The National Company Law Appellate Tribunal (NCLAT) was constituted with effect from June 1, 2016, for hearing appeals against the orders of the National Company Law Tribunal (NCLT), which, in turn, simultaneously replaced the erstwhile Company Law Board.
Constituted under the Companies Act, 2013, the appellate tribunal was conceived as the dedicated appeals forum for resolving corporate law disputes and speeding up the resolution by taking over the role hitherto played by overburdened High Courts in adjudicating such appeals.
Besides deciding on prayers against the NCLT’s rulings, including in matters relating to the Insolvency and Bankruptcy Code (IBC), the NCLAT also serves as the appellate body for those aggrieved by decisions made by the Competition Commission of India or orders passed by the Insolvency and Bankruptcy Board of India under Sections 202 and 211 of the Insolvency and Bankruptcy Code (IBC).
Established in New Delhi, the NCLAT initially comprised five members: two members each on the judicial and technical sides and a Chairperson.
As part of its efforts to strengthen the entire NCLT and NCLAT apparatus with a view to further reducing pendency, the Centre this year added a total of four new members to the NCLAT — two each in judicial and technical capacities.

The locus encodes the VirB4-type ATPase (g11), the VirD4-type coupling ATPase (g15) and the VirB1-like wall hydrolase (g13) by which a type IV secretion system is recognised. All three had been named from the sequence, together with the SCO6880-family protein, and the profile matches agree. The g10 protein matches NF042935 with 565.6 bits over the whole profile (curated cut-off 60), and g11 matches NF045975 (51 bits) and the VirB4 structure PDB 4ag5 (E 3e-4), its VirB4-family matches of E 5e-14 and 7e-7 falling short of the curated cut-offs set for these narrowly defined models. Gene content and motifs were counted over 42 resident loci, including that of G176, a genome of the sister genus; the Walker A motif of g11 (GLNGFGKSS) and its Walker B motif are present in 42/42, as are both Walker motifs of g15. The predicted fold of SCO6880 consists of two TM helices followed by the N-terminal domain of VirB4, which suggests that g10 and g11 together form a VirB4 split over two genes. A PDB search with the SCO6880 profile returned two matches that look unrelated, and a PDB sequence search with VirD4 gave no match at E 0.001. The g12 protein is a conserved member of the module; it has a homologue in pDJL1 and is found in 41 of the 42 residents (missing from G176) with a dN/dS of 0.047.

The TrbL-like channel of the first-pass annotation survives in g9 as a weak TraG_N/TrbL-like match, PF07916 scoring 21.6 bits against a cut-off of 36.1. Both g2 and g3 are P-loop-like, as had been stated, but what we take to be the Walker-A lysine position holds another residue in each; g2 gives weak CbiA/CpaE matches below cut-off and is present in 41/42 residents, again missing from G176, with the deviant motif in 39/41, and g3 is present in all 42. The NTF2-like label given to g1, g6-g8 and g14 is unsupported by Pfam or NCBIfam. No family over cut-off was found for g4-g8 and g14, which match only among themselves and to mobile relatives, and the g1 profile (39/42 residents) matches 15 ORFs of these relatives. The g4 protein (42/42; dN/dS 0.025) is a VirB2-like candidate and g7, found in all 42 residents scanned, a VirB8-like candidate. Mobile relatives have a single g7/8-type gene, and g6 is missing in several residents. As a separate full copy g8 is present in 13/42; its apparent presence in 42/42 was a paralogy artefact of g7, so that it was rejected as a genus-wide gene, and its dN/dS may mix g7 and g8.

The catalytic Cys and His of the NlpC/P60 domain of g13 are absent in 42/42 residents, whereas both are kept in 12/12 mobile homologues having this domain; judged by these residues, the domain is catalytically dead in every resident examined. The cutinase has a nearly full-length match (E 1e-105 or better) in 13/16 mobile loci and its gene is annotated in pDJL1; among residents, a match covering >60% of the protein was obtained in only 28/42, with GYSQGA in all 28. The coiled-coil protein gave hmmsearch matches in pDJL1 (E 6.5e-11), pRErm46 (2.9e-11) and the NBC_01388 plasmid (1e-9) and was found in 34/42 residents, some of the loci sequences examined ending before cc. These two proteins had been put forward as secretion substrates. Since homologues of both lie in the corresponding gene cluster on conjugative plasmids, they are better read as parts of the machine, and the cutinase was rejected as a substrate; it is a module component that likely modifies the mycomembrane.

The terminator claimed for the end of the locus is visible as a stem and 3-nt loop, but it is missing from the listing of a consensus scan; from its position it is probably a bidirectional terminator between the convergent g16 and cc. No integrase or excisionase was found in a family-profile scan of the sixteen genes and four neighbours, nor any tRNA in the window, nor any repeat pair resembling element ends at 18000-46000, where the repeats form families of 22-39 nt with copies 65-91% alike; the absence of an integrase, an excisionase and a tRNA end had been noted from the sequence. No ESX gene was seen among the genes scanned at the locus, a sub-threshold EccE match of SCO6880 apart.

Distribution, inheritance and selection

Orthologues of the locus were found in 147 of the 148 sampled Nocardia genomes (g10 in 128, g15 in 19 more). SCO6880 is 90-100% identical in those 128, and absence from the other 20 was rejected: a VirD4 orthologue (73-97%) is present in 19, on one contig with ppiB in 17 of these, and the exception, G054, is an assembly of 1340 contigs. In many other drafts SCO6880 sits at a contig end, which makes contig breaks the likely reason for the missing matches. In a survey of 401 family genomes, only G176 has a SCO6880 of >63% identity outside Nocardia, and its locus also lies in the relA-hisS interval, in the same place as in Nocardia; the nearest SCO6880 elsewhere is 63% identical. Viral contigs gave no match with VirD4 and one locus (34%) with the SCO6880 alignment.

The government has also decided to set up a bench of the appellate tribunal at Chennai.
Qualification of Members
While a member (Judicial) of the NCLAT has to have been a judge of a High Court or a judicial member of the NCLT for five years, a technical member ought to possess proven ability and standing with domain knowledge and experience of not less than 25 years in areas such as law, industrial finance, industrial management, investment, accountancy, labour matters or corporate restructuring.
The chairperson must have been a judge of the Supreme Court of India or a Chief Justice of a High Court.
How does the appeals process work?
A party aggrieved by a ruling by any of the NCLT’s numerous benches can file an appeal against it within 45 days of receipt of a copy of the order, with a further 45 days allowed if the NCLAT is satisfied that the appellant had sufficient cause that prevented the filing of the appeal within the stipulated period.
The NCLAT’s verdicts can in turn be challenged on a question of law in the Supreme Court, within a 60-day window.
What is National Company Law Tribunal?
The National Company Law Tribunal or NCLT is a quasi-judiciary body established in India, to govern the companies registered in India.
It is a successor to the Company Law Board.
The government has appointed 11 benches for NCLT.
Selection of members is done by a selection committee headed by the Secretary of the Corporate Affairs Ministry (MCA).